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J R Soc Med. 2006 January; 99(1): 42–43.
PMCID: PMC1325084

The Epilepsies: Seizures, Syndromes and Management

The Epilepsies, an update of A Clinical Guide to Epileptic Syndromes and their Treatment (2002) through the same publisher, continues to force the pace. I still find many of my colleagues talking (and thinking) of grand mal and petit mal: and such clinicians will have difficulty conceptualizing the epilepsies rather than epilepsy. The truth is that this is ‘state of the art’. Everyone must now say to themselves, ‘Is it epilepsy?’; ‘Which seizure type?’ and last of all, and most challenging, ‘Which epilepsy?’. In practice much has to be done in retrospect. The ‘classification pending’ file is large in my practice. Were there really localizing features? What is to be made of the varying asymmetry on the EEG? However, for most, with the passing of a few months, clarification of the history especially, and where appropriate a repeat EEG, the definition of the epilepsy becomes possible.

Although one would expect much dogma in a book which defines a classification, there is very little. The emphasis is on a pragmatic approach around a classification that is expected to change. The necessarily pragmatic approach of clinical practice is compared with the structure of scientific classification. Lumpers and splitters are compared to botanists and gardeners, who in turn are compared to scientists and clinicians. Tom Panayiotopoulos writes ‘The botanists, like all scientists, need a taxonomy, other gardeners, like all practising physicians need something to use in daily work’. Hughlings Jackson (1874) is quoted in the context of this debate as indicating that the scientific classification (taxonomy) is ‘for the better organisation of existing knowledge and for discovering the relations of new facts; its principles are methodological guides to further investigation to great utilitarian value, but not directly’. This remains true today.

I think all of us in paediatric neurological practice acknowledge that the definition of the phenomenon in small parts allows it better to be studied. Then as new knowledge emerges we may—or may not as the case may be—realize that many of the small parts are part of the same continuum; that a particular variety of phenotypes may represent many genotypes and indeed that a genotype may lead to many phenotypes. The Epilepsies is more than a comprehensive definition of seizure types and EEG appearances. It contains lists of practice points and pitfalls that will be useful even to the experienced. The colour coding is at times imprecise (red for the pitfalls and blue for the practice points), but then there is bound to be overlap between these two areas anyway. The yellowish headings seem not to represent any particular message and that particular colour might usefully be dropped next time round.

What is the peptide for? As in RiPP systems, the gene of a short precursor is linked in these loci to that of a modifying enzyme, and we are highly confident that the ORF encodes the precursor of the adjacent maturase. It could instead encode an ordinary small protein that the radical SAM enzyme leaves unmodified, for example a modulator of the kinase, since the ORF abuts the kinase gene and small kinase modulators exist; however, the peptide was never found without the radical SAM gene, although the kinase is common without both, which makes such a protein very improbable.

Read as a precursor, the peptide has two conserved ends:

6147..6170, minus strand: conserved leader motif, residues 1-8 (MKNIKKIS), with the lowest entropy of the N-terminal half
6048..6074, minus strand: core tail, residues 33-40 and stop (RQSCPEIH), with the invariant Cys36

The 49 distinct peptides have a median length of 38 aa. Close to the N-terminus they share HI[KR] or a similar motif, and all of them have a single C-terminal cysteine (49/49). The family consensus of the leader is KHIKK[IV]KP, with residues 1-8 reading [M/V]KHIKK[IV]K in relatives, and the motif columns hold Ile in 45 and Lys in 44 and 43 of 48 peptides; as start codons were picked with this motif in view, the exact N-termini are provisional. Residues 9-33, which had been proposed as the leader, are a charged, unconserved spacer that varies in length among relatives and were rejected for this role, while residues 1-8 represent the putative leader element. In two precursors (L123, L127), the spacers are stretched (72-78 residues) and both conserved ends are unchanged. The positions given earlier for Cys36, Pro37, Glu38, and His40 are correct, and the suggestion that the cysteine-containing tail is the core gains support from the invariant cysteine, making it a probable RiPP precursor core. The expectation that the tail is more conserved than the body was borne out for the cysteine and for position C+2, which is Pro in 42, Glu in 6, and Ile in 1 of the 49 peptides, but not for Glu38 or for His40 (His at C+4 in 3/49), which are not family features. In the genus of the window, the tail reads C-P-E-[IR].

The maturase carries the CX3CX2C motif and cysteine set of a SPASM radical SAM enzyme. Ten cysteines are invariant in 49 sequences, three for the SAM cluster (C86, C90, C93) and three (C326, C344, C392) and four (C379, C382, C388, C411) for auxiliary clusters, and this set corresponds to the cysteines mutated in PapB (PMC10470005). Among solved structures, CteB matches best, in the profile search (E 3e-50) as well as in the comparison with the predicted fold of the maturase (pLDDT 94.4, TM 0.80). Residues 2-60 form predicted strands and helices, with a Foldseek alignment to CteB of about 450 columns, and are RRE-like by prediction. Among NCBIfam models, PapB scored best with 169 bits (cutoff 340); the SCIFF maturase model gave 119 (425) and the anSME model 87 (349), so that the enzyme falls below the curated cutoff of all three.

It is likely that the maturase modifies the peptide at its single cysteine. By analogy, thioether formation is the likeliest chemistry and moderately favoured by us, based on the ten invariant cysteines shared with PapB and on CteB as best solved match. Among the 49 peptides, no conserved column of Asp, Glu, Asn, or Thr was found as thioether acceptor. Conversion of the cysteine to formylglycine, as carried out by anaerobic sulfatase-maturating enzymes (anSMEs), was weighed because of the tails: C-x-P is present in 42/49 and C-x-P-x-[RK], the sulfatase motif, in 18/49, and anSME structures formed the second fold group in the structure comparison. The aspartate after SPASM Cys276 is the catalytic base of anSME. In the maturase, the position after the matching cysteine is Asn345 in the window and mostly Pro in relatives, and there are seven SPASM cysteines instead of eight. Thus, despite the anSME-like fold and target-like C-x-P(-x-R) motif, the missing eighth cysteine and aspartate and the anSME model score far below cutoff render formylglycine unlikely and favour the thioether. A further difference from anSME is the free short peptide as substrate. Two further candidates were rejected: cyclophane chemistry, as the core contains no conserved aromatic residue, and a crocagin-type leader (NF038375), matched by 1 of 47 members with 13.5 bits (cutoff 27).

Meanwhile we have a book not to be kept on the shelf but rather to be thumbed regularly for details of the challenging children we see, to be checked almost day by day to see to what extent their epilepsy might be defined. We should try to link this in our resource-stretched health service, to computerized databases, to audit and research and to the best approach to treatment, prognosis and so on. The advantage of multicentre input could readily be pursued—and that is not to mention a fruitful liaison with the neurogeneticists. Nine of the fourteen chapters in the book define some eighty syndromes (this exercise is not for the faint-hearted). However, probably 80% of the children have an epilepsy under the twenty commonest headings (the rest requiring a more specialist approach).

An editorial point concerns children ‘suffering from’ epilepsy—an expression I dislike. They may ‘have’ an epilepsy but we can reassure ourselves that 80% will go into remission. If we all take the content of this book seriously and work together to advance knowledge and improve our approach, any ‘suffering’ will diminish as time goes by. All paediatric neurologists and paediatricians with special responsibility for epilepsy, and neurodevelopmental paediatricians, should have a copy and strive to put the examples into practice.


C P Panayiotopoulos 541pp Price £95 ISBN 1-904218-34-2 (h/b) Chipping Norton: Bladon Medical Press

Articles from Journal of the Royal Society of Medicine are provided here courtesy of Royal Society of Medicine Press